The following code (sleepy.py) defines a buzzergen generator:

import time
from itertools import count
def buzzergen(period):
    nexttime = time.time() + period
    for i in count():
        now = time.time()
        tosleep = nexttime - now
        if tosleep > 0:
            time.sleep(tosleep)
            nexttime += period
        else:
            nexttime = now + period
        yield i, nexttime

Invoking regular buzzergen

from sleepy import buzzergen
import time
buzzer = buzzergen(3) # Planning to wake up each 3 seconds
print time.time()
buzzer.next()
print time.time()
time.sleep(2)
buzzer.next()
print time.time()
time.sleep(5) # Sleeping a bit longer than usually
buzzer.next()
print time.time()
buzzer.next()
print time.time()

And running it we see:

1400102636.46
1400102639.46
1400102642.46
1400102647.47
1400102650.47

We can also use it directly in a loop:

import random
for ring in buzzergen(3):
    print "now", time.time()
    print "ring", ring
    time.sleep(random.choice([0, 2, 4, 6]))

And running it we might see:

now 1400102751.46
ring (0, 1400102754.461676)
now 1400102754.46
ring (1, 1400102757.461676)
now 1400102757.46
ring (2, 1400102760.461676)
now 1400102760.46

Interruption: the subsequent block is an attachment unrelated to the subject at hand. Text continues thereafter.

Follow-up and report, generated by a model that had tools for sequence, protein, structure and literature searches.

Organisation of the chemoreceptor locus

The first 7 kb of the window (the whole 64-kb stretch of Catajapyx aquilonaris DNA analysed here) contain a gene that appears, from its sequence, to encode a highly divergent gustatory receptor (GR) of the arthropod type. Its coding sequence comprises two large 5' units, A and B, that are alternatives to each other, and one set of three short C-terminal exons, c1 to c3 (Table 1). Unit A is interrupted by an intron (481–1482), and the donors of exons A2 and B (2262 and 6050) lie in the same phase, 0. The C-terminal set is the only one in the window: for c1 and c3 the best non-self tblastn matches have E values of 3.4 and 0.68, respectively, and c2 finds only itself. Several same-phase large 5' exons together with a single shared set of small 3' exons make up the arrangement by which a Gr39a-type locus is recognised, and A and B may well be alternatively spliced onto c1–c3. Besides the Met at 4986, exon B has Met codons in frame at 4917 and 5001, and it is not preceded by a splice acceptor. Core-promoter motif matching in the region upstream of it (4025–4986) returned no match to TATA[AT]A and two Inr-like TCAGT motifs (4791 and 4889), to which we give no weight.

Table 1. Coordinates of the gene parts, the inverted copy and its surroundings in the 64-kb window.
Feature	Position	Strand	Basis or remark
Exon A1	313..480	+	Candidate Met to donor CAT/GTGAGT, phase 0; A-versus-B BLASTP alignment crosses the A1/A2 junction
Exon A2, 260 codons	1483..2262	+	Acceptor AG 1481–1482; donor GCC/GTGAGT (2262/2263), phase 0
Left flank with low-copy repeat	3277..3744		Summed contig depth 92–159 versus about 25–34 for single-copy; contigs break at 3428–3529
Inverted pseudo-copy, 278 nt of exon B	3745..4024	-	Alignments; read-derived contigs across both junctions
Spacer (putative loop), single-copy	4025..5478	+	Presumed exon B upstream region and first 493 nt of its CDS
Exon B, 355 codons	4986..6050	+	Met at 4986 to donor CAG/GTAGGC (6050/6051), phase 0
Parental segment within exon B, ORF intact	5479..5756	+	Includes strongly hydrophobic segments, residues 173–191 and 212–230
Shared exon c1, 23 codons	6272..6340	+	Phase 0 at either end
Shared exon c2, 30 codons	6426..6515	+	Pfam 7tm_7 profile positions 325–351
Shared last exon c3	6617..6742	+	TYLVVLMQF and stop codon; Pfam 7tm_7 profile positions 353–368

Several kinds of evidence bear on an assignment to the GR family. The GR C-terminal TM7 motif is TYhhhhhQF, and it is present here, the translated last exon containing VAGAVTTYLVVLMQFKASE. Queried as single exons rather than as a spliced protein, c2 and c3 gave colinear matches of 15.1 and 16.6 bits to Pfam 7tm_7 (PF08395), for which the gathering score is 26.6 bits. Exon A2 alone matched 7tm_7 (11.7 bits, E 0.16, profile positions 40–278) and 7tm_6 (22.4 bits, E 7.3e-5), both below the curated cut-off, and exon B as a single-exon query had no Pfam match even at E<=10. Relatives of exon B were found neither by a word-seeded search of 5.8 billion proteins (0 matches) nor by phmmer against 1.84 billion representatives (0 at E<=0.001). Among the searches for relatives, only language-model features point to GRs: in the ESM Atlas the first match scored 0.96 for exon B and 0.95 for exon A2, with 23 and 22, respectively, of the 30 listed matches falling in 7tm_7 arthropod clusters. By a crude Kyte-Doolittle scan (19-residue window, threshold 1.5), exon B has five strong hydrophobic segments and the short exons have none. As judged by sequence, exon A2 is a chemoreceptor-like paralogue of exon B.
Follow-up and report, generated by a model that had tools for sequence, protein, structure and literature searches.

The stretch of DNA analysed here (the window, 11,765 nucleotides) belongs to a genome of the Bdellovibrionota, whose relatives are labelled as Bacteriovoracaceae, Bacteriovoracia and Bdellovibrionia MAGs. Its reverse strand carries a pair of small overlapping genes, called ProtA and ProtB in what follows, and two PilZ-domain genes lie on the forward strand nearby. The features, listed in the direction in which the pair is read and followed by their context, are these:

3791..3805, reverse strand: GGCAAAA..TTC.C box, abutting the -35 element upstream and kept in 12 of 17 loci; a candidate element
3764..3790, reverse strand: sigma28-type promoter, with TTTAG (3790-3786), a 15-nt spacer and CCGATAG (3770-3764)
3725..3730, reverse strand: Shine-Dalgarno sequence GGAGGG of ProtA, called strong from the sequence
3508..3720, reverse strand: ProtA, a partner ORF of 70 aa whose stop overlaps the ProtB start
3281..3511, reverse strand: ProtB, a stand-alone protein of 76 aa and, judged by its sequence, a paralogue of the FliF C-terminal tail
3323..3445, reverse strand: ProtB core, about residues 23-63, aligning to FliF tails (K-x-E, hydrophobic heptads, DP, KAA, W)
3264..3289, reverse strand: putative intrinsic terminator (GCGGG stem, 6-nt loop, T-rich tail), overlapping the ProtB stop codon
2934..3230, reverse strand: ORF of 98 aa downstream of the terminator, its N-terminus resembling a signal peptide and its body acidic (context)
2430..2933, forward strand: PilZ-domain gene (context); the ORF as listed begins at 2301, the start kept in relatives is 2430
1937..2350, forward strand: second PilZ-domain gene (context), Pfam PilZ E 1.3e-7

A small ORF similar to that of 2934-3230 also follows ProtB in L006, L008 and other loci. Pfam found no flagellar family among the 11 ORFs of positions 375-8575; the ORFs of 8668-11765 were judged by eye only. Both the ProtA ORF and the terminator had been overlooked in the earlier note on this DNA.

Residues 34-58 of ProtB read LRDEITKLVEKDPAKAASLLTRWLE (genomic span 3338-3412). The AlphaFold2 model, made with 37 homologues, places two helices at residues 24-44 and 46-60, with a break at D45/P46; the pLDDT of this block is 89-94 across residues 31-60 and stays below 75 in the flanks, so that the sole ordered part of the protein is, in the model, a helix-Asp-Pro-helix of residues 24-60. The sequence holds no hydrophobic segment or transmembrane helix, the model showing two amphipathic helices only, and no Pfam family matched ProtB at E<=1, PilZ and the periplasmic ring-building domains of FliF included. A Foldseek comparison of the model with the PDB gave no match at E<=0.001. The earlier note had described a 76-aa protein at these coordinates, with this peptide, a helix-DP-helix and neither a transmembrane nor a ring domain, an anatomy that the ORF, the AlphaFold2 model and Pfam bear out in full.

ring (3, 1400102763.461676)
now 1400102766.47
ring (4, 1400102769.47115)
now 1400102769.47
ring (5, 1400102772.47115)
now 1400102772.47
ring (6, 1400102775.47115)
now 1400102775.47
ring (7, 1400102778.47115)

As we see, this buzzer is not too rigid and allow us to catch up with regular sleepy intervals even if we oversleep and get out of regular schedule.

Answered By: Jan Vlcinsky

Answer #6:

There are five methods which I know: time.sleep(), pygame.time.wait(), matplotlib’s pyplot.pause(), .after(), and asyncio.sleep().


time.sleep() example (do not use if using tkinter):

import time
print('Hello')
time.sleep(5) # Number of seconds
print('Bye')

pygame.time.wait() example (not recommended if you are not using the pygame window, but you could exit the window instantly):

import pygame
# If you are going to use the time module
# don't do "from pygame import *"
pygame.init()
print('Hello')
pygame.time.wait(5000) # Milliseconds
print('Bye')

matplotlib’s function pyplot.pause() example (not recommended if you are not using the graph, but you could exit the graph instantly):